Sales journal

What is the Sales Journal? – Definition

A sales journal is used to record the merchandise sold on account. Any entry relating to the sale of merchandise for cash is recorded in the cash receipt journal.

Explanation

Just as the purchases journal, while preparing a sales journal only credit sales are recorded. Cash sales are recorded in the Cash Book. It should be noted that sales of goods are recorded in the sales journal. Whereas sales of assets like Land, Building, Furniture, etc. are recorded in the Sales Journal because they are sold infrequently. On the other hand, assets sold on cash recorded in the Cash Book and sale of assets on credit are recorded in the proper journal.

Format of sales journal

The sales journal has five columns to record the necessary information relating to credit sales. Its format is given below:

Format of sales journal

(1). Date column is used to record the date of sales made on account.

(2). Account debited column is used to record the title of customers (account title) to whom merchandise are sold on account.

(3). Invoice number column is used to record the invoice number relating to credit sale.

(4). Posting reference column is used to record the account numbers at the time of posting entries from sales journal to ledger accounts.

(5). Amount column is used to record the amount of merchandise sold.

Posting entries from sales journal to ledgers

The entries from sales journal are posted to accounts receivable subsidiary ledger and general ledger. The posting procedure is explained below:

  1. At the end of each month or at fixed intervals, the amount column of the sales journal is added and the total is posted as debit to accounts receivable and credit to sales account in the general ledger.
  2. The individual entries in the sales journal are posted to respective accounts in the accounts receivable subsidiary ledger.

Example 1

The sales journal, sometimes called the credit sales journal, is, used to record all sales made on account. The sales journal for the Fortune Store is shown in the below example. All the sales on account for the month of June are shown in this journal; cash sales are recorded in the cash receipts journal.

Sales invoices are the primary inputs into this journal. In this example, we will assume that all sales are made on terms of 2/10, n/30 and that the gross method is used to record sales discounts. This way, each account receivable is shown at its full amount. Because the sales journal is used exclusively to record credit sales, the last column, labeled Amount, represents both a debit to Accounts Receivable and a credit to Sales.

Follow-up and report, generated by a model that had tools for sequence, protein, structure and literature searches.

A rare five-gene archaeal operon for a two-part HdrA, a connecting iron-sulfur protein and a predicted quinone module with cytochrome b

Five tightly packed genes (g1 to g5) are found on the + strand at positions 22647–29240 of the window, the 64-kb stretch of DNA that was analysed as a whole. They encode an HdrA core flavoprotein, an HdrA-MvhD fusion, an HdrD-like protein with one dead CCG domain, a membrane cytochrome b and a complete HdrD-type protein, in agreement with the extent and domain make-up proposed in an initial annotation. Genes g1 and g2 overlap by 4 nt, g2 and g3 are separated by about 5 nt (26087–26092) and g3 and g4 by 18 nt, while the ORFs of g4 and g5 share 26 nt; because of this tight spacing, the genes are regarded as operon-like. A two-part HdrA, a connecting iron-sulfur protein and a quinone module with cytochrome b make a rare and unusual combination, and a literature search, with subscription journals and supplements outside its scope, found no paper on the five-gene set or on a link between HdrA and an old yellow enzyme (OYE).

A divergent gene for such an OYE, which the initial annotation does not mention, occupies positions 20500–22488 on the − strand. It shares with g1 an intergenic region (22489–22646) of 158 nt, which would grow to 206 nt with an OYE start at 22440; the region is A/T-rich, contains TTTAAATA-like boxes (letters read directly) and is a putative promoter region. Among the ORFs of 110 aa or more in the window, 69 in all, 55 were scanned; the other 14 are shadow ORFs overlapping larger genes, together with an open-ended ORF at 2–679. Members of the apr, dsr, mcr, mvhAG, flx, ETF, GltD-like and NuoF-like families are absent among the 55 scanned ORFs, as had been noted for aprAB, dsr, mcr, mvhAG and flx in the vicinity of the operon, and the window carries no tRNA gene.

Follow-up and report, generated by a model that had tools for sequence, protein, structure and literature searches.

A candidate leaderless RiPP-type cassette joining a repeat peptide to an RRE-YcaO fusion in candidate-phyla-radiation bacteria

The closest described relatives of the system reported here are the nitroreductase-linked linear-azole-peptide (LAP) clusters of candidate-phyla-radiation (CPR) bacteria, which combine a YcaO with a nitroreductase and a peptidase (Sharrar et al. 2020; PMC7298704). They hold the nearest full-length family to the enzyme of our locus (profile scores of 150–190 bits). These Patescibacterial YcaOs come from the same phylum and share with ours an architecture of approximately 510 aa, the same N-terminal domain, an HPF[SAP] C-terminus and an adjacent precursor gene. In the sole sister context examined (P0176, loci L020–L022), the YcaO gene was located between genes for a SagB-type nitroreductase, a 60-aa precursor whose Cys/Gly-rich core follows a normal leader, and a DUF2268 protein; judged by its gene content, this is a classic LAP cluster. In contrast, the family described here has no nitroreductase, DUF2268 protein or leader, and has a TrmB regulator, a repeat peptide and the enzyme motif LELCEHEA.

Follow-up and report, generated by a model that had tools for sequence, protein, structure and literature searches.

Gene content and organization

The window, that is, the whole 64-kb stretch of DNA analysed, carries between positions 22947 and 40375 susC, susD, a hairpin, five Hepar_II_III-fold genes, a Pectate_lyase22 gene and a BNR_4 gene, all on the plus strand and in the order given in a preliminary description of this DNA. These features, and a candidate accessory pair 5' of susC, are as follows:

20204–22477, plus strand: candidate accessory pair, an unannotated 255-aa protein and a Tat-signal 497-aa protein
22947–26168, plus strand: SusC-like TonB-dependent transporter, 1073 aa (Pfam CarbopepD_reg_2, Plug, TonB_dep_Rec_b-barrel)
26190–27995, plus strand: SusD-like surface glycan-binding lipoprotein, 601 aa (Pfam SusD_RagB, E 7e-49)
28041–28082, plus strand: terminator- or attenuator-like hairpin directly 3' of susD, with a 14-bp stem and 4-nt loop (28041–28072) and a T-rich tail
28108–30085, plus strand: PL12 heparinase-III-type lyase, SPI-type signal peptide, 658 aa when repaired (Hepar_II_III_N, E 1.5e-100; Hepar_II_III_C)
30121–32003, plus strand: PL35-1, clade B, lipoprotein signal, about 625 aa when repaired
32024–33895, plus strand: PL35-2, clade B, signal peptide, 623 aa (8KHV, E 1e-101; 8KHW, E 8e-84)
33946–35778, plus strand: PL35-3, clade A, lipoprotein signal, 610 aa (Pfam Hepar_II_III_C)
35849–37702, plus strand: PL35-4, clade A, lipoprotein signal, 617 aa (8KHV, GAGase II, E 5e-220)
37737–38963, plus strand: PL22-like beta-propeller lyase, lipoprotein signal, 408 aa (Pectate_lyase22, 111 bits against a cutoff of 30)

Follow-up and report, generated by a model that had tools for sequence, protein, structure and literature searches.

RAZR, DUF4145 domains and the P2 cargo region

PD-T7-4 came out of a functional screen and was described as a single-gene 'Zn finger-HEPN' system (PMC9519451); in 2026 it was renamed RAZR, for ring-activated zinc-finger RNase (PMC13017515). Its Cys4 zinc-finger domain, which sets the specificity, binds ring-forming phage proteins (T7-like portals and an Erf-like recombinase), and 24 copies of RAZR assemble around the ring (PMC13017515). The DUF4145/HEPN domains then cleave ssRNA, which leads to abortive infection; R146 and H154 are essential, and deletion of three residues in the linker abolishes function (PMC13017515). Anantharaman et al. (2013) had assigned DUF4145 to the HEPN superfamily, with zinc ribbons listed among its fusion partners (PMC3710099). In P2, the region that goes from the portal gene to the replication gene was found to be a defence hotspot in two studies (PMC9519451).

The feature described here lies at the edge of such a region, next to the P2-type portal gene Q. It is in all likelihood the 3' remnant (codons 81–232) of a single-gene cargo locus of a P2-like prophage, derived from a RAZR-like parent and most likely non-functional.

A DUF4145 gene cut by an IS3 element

The below example also shows how postings are made from the sales journal to both the subsidiary and the general ledger accounts. Each individual sale is posted to its appropriate subsidiary account. After the posting is made, the account number or a check is placed in the post reference (Post Ref.) column.

The Post Ref. in the subsidiary ledger and controlling accounts will be labeled SJ-1 to represent page 1 of the sales journal. Postings to the subsidiary ledger should be made daily to ensure that management has up-to-date knowledge of how much each customer owes, This knowledge can be used to make sure that individual customers have not exceeded their credit limits.

At the end of the month, the amount column in the journal is totaled. This total is then posted as a debit in the Accounts Receivable control account and as a credit to the general ledger Sales account. In the illustration shown in the below example, this amount is $11,152.50. The numbers under this amount are the account numbers for accounts receivable (1110) and sales (4011). Finally, at the end of the month, the accounts receivable trial balance is prepared.

Sales Journal Posting Entries to general Ledger and Subsidiary Accounts

Example

The transactions relating to the sale of merchandise on account completed by Crescent company during the month of March 2016 are shown below:

Mar. 01: Sold merchandise on account to Z & Co. $1,120, invoice No. 110.
Mar. 08: Sold merchandise on account to John & Sons $3,140, invoice No. 111.
Mar. 20: Sold merchandise on account to John & Sons $6,400, invoice No. 112
Mar. 28: Sold merchandise on account to Sam Corporation $2,300, invoice No. 113

Required:

  1. Record the above transactions in the sales journal.
  2. Post the entries from sales journal to accounts receivable subsidiary ledger and general ledger.
  3. Prepare a schedule of accounts receivables.

Solution

(1). Sale journal:

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Accounts receivable subsidiary ledger:

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General ledger:

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Schedule of accounts receivable:

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Advantages

Using a sales journal significantly decreases the amount of work needed to record transactions in a manual system. Only one line is needed to record each transaction. It also is not necessary to write out an explanation of the transaction because only credit sales are recorded in the sales journal. Finally, the amount of time needed to post entries is reduced. Although each transaction must be posted to the subsidiary accounts receivable ledger, only the totals for the month have to be posted to the general ledger accounts. If a general journal were used to record credit sales, each transaction would have to be posted to both the subsidiary and the general ledger accounts. Even for a firm with only several hundred sales a month, using a sales journal can save considerable time.

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